|Andy and Agnes and Dad (standing) and me (sitting)|
Andy and Agnes came to visit us in Sultan when we moved there in 1965, and Andy and I went for a walk to explore some of the town. So what's a 57-year-old man going to do with a 16-year-old boy? Step out to the middle of a train trestle bridge and wait for a train to come, that's what. Two bridges cross the Sultan River where it runs into the Skykomish---one is the Highway 2 bridge, and south of it and parallel to it is a train bridge. The highway bridge has a sidewalk; the train bridge doesn't. Andy and I were talking about how we had never been on a train bridge while the train crossed it. How could we go on through life without experiencing this adventure?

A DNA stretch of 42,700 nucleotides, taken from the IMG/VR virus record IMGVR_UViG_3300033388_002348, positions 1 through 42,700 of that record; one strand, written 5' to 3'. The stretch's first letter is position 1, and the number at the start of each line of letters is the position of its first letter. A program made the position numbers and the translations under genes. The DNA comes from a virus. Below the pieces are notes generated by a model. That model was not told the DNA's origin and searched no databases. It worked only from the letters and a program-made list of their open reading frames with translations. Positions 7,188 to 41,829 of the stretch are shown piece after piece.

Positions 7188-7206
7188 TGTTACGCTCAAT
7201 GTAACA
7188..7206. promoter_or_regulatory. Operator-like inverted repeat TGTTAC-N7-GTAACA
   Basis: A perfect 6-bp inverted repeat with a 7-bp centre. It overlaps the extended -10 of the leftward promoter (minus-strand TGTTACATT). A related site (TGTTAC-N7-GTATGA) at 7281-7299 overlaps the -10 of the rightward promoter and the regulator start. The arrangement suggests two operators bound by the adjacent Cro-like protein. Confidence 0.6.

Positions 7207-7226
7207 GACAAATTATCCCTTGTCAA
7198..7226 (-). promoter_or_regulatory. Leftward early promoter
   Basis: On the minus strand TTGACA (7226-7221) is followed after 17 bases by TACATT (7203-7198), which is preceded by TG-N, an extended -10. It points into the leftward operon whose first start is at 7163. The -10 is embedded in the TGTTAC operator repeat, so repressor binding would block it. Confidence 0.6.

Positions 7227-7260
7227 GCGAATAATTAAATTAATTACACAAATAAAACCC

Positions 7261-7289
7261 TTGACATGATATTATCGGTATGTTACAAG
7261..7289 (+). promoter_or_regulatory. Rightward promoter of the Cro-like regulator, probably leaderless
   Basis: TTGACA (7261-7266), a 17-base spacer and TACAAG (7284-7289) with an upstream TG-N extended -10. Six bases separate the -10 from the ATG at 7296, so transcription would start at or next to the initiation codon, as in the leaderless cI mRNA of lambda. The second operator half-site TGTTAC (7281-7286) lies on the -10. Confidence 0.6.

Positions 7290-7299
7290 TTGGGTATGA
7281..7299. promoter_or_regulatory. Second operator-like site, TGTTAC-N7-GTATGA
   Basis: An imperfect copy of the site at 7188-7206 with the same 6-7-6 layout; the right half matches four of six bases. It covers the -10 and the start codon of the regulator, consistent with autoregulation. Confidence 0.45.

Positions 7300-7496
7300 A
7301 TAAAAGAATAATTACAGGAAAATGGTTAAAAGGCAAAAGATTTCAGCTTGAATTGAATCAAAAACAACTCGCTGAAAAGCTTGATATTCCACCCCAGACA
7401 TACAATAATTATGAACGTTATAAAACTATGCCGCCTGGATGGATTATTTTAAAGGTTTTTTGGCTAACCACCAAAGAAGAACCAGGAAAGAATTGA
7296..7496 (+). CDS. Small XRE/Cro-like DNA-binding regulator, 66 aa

|The Sultan Train Bridge|
The tremendously loud train charged onto the bridge, passing between the girders with a hundred cars. The bridge shook violently and I watched Andy avert his face from the wind while holding tightly onto the trembling metal. But I didn't watch long, for the bridge shook so much that I began hitting my head against the inside of the girder. It hurt, and it seemed like the train would never stop roaring across the bridge. I was literally beat up inside that girder I thought would protect me, while Andy was out there having a blast.
Afterwards, with our ears still ringing, the two of us had a great laugh as we walked the three blocks back to my house, despite my headache. Perhaps this was why, at work at the postal annex until I retired last March, I scoffed at my employer's constant reminders to "be safe." Sometimes we can be too safe.
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